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Rachel Lu

Widespread Fighting Erupts at Foxconn Factory, Possibly Spurred by iPhone 5 Demand

Via Weibo

Foxconn, Apple’s largest contractor, suffered another blow to its international image on September 24 when more than 2,000 workers at its Taiyuan factory in Shanxi Province got involved in a massive fight. More than 40 were reportedly injured and 10 were killed. 

The details of how the fighting began are sketchy, but most accounts point to a tiff between a security guard and a worker who may not have had the right ID. On Sina Weibo, China’s Twitter, the Sina Technology Channel (@新浪科技) tweeted, “A large number of workers were moved to Taiyuan to make iPhone 5 in a rush. The security personnel at the factory had a fight with a worker from Shandong Province, dragged him to a van and beat him up. The victim’s co-workers from Shandong sought revenge, and workers from Henan Province became involved too, and the situation devolved into chaos where workers chased down security guards and beat them up.” {{1}}[[1]]为了制造iPhone 5,大批工人被调往太原赶工。厂区安保人员与山东籍员工起冲突,将其拖至面包车内殴打,山东同乡为其讨还公道,河南籍员工也一起卷入,最后发展至大批员工追打安保人员的混乱场面。[[1]]

Foxconn’s factories in China have had a series of labor troubles, which include ham-handed responses to labor shortages. Tea Leaf Nation was among the first English-language outlets to report on one Foxconn factory’s move to bus in “interns” from a local university when personnel ran low.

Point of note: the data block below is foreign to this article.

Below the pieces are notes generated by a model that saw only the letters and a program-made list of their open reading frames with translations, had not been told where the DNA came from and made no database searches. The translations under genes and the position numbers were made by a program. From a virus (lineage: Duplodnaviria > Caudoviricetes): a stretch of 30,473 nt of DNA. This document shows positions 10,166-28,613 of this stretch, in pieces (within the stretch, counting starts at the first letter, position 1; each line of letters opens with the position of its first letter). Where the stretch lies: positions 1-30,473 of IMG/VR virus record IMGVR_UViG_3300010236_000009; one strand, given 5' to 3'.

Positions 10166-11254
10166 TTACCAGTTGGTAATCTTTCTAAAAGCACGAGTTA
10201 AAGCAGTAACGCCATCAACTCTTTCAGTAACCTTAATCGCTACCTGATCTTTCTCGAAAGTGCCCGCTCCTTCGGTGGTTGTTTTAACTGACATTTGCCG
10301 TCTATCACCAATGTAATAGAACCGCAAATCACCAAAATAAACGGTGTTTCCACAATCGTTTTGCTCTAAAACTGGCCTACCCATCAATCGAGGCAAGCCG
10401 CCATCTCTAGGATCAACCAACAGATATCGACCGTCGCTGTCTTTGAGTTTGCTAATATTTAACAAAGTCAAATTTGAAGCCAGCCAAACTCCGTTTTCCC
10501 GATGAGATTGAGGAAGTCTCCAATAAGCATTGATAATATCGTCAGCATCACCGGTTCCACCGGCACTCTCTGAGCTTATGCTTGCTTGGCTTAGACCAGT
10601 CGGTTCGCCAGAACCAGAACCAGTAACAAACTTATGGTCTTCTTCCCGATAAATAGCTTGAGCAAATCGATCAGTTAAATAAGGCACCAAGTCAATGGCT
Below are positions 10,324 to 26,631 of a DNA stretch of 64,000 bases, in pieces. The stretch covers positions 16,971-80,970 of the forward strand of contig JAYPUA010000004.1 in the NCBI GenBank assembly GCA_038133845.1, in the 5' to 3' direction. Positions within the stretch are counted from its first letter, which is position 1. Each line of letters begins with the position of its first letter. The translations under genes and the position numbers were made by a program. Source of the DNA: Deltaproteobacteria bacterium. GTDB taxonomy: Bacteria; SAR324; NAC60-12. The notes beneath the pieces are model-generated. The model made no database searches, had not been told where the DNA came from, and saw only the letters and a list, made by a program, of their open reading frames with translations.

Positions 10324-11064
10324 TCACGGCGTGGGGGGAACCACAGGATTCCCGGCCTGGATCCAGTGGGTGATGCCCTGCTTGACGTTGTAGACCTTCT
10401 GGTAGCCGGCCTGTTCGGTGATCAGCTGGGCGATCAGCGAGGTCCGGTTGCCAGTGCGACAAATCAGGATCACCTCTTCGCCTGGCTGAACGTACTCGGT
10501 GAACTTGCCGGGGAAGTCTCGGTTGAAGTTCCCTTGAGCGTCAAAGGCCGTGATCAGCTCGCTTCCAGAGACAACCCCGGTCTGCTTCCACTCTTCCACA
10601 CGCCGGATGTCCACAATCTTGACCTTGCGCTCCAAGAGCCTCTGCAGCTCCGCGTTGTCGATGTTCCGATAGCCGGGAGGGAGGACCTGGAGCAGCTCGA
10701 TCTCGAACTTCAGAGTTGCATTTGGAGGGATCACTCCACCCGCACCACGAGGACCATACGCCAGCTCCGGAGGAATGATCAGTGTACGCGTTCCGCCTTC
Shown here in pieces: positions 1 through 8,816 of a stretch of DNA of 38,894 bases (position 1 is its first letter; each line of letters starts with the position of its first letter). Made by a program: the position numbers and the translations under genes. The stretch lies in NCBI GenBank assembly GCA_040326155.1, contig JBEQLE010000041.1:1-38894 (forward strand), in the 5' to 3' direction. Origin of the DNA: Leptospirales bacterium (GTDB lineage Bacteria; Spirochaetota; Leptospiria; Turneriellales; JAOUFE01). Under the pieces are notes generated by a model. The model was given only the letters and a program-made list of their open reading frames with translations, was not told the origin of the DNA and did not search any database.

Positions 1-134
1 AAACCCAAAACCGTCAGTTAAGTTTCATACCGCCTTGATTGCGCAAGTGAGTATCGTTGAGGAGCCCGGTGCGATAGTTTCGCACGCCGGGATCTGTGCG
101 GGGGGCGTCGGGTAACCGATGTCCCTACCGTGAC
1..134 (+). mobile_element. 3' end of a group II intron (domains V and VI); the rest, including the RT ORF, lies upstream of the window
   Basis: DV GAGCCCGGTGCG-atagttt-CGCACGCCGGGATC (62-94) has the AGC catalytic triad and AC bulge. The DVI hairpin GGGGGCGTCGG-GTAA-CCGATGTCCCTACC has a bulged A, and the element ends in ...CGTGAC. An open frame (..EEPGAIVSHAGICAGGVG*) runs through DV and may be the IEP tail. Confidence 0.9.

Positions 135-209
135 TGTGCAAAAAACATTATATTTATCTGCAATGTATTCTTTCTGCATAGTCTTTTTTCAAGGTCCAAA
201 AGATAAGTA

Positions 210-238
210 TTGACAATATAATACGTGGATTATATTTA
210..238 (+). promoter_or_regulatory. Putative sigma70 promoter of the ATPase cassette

Perhaps because of Foxconn’s history, many netizens seem inclined to believe the version of the story that security guards abused their powers against workers. @张毅伟yy tweets, “Foxconn has long oppressed its workers, and where there is oppression there is resistance. Resisting is better than committing suicide. More than twenty security guards beat up four workers–that’s pretty rare among Chinese companies.” {{2}}[[2]]富士康对员工的压迫由来已久,还是哪里有压迫哪里就有反抗,反抗比自杀好,二十多名保安围殴四名员工,在中国企业中屈指可数吧。[[2]] @神行者POLO tweets, “Foxconn is such an eventful place. Apple products are filled with Chinese worker’s tears.” {{3}}[[3]]富士康真是多秋之地。苹果含了多少中国工人的泪水。[[3]] @猫爪子tt asked, “Do they have unions?” {{4}}[[4]]工会有吗? [[4]]

@cuanyu的空间 tweets with a hint of disapproval at foreign coverage of the incident: “Something huge happened at the Foxconn factory in Taiyuan yesterday, but I have not seen a report anywhere. I only found out after reading it on Engagdet, but they only cared about what parts are made at the factory and which products would be affected.” {{5}}[[5]]太原富士康昨天发生这么大事情,哪里都没有看到报道,还是在engadget上看到了才知道。不过他们关心的是这个厂生产什么部件,推测什么产品会受到影响。[[5]] Initial domestic coverage, however, was confined to the Weibo rumor mills. Searches for the term “Foxconn conflict” (富士康冲突) were and remain blocked, and users this morning issued widespread complaints about having related tweets deleted.

Caijing Magazine (@财经网) sought to place the matter in a larger frame: “The living costs of the society is soaring beyond that of the U.K. and the U.S., and the large population of poor young workers are plunged into hopelessness about their futures. If this problem is not faced or not resolved, and no social mobility is provided to this generation of poor workers, there will be no peace in Chinese society in the future. Good night.” {{6}}[[6]] 整体社会生活成本快速升高超英赶美,使庞大的”穷二代”群体益发陷入前途无望的精神困境。这个问题不正视,不从根本上缓解,不给这代“新贫困者”出路,未来中国社会,无安。晚安。[[6]]

 

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Rachel Lu

Rachel Lu is a co-founder of Tea Leaf Nation. Rachel traces her ancestry to Southern China. She spent much of her childhood memorizing Chinese poetry. After long stints in New York, New Haven and Cambridge, she has returned to China to bear witness to its great transformation. She is currently based in China.